403(b)/457(b)/457 Plans

Frequently Asked Questions: 403(b)/457(b)/457 Plans

SFUSD offers active employees traditional 403(b) and 457(b) voluntary deferred compensation plans.  They allow for the investment of pre-tax earnings, through automatic payroll deductions, to save for retirement.  Any pre-tax investment gains/losses are tax-deferred until withdrawn.  Pre-tax contributions may also lower current income taxes. There is also an additional option to contribute into a Roth 457(b) deferred compensation plan.  Unlike contributions to the traditional plans which are made on a pre-tax basis, contributions to a Roth 457(b) are made on an after-tax basis with the benefit that you may be able to withdraw from your account tax-free when you retire subject to the Internal Revenue Service (IRS) rules.

Plan administration services for SFUSD’s savings plan are provided by Tax Deferred Solutions (TDS).  For more information about investment providers, changing your investment amount, and TDS’ contact information visit  https://www.403bcompare.com/employers/289. To enroll in a savings plan you must contact TDS directly at (866) 446-1072.

What are the benefits of a 403(b)/457(b) Plan?

There are significant tax advantages for participants in a 403(b)/457(b), including pre-tax contributions to a 403(b)/457(b) plan and earnings on these amounts are not taxed until they are distributed from the plan. Additionally:

  • reduced taxable income through pre-tax contributions.
  • tax-deferred earnings on plan contributions.
  • likelihood of paying less tax on assets as distributions usually occur during retirement, when an employee may be in a lower tax bracket.
  • the ability to take loans from the 403(b)/457(b) accounts.

What is the maximum amount that an employee may contribute to a 403(b)/457(b) plan?

In 2023, the annual contribution limit is $22,500. An employee who is age 50 or older may make an additional catch-up contribution of $7,500 in 2023. 

Quick Comparison


403(b) Plan

457(b) Plan

Roth 457(b) Plan

Tax Treatment of Contributions

Before Tax

Before Tax

After Tax

Tax Treatment of Earnings

Tax Deferred

Tax Deferred

Tax Free¹

Tax Treatment of Final Distributions



Tax Free¹


10% early withdrawal federal tax penalty if not age 59½ regardless of separation from service.

No 10% early withdrawal federal tax penalty after separation from service.

No 10% early withdrawal federal tax penalty after separation from service.

Distribution Restrictions

Withdrawals made prior to separation from service or prior to age 59½ can only be made due to financial hardship.  

Withdrawals made prior to separation from service or prior to age 70½ can only be made in an unforeseeable emergency.

Withdrawals made prior to separation from service or prior to age 70½ can only be made in an unforeseeable emergency.²

¹ Subject to the Internal Revenue Service (IRS) rules and regulations regarding qualified distributions.  A qualified distribution of the Roth 457(b) resulting in tax-free distribution earnings requires that the distribution is made after a 5-taxable-year period of Roth participation and is either:

  • made on or after the date you attain age 59½ and separated from service
  • made after your death, or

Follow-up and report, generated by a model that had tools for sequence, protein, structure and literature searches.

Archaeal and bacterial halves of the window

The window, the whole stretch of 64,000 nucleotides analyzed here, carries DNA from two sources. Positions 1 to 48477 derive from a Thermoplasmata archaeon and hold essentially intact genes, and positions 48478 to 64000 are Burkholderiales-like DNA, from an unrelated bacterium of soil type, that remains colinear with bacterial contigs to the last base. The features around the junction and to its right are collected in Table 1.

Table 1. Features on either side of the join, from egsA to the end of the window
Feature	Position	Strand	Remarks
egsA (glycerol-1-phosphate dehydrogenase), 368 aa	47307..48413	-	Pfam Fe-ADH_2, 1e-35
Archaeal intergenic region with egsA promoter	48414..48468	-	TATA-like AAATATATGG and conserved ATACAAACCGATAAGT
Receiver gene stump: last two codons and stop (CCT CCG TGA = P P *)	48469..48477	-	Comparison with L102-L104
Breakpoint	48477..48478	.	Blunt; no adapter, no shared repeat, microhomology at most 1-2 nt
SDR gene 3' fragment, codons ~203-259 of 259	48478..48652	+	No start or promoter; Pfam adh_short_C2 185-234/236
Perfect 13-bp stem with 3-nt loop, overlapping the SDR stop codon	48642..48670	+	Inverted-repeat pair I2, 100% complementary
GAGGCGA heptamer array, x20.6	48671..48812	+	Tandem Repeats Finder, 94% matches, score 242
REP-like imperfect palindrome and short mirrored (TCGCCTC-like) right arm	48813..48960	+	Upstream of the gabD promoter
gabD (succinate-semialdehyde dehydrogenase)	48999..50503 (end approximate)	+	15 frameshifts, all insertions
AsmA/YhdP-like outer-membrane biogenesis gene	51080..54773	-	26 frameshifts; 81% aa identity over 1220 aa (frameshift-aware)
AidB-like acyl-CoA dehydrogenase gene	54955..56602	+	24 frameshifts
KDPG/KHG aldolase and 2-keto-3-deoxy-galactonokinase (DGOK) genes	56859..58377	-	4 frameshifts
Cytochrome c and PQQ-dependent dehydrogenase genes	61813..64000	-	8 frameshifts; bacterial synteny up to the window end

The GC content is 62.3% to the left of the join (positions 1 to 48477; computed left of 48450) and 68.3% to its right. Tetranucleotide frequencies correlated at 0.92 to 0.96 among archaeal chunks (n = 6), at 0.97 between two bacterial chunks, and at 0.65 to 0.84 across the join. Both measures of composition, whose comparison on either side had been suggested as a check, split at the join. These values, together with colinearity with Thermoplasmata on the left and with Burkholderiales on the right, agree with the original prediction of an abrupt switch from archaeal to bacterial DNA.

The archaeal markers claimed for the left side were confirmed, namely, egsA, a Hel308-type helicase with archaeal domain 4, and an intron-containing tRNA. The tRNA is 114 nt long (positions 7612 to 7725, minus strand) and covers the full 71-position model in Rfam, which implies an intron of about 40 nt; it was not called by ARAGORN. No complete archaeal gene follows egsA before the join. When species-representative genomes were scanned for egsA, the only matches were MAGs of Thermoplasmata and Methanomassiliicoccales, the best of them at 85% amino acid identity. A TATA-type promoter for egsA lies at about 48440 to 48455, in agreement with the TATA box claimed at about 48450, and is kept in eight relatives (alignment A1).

• attainable to your being disabled as defined by the IRS as separation from active service because the person cannot engage in any substantial gainful activity because of a physical or mental condition.  A physician determines that the disability has lasted or can be expected to last continuously for at least a year or can lead to death.

The 5-year account holding period, attainment of age 59½, and separation of service are the key factors that result in a tax-free distribution.  If the distribution circumstance does not meet all three requirements, the "earnings" portion of the distribution is subject to ordinary income taxation.  The "after tax" contributions are never taxed again.  The Roth 457(b) is still exempt from the 10% additional excise tax if withdrawn before 59½, but the earnings portion of your account would lose its "tax-free" status if all three criteria are not met.

² For purposes of the 457(b) plan, an unforeseeable emergency is defined by the IRS as a severe financial hardship of the participant or the participant's dependent resulting from an extraordinary or unforeseeable circumstance beyond the control of the participant or the participant's dependent.


How do I start contributions into a savings plan?

You must contact TDS directly to initiate the enrollment process.  They can be reached via phone at 866-446-1072 or email at customerservice@tdsplans.org


How do I change or stop my contribution amount?

Here are the steps to stop or change a deduction:

  • Complete this form It will be electronically submitted to TDS for review and approval. The processing timeline it typically 1-2 pay periods. 
  • Once approved, TDS Group will notify SFUSD and SFUSD will enter the deduction information into EMPowerSF. The employee will see their contributions to their savings plan account reflected on their pay statement on a regular and recurring basis, until they alert SFUSD to stop deducting their contributions.
  • The funds that are deducted are sent to TDS Group to invest through the employee’s chosen provider.

I heard that there were a lot of problems with 403(b)/457(b) and 457 accounts last year. How can I be sure that they are working now?

Last year, in our first year of implementation of EMPowerSF for our payroll, there were system issues in the interface between SFUSD and TDS Group resulting in inaccurate deductions. Those issues are now fixed. We have tested and verified that 403B deductions and contributions are working as they should be.


This page was last updated on September 25, 2023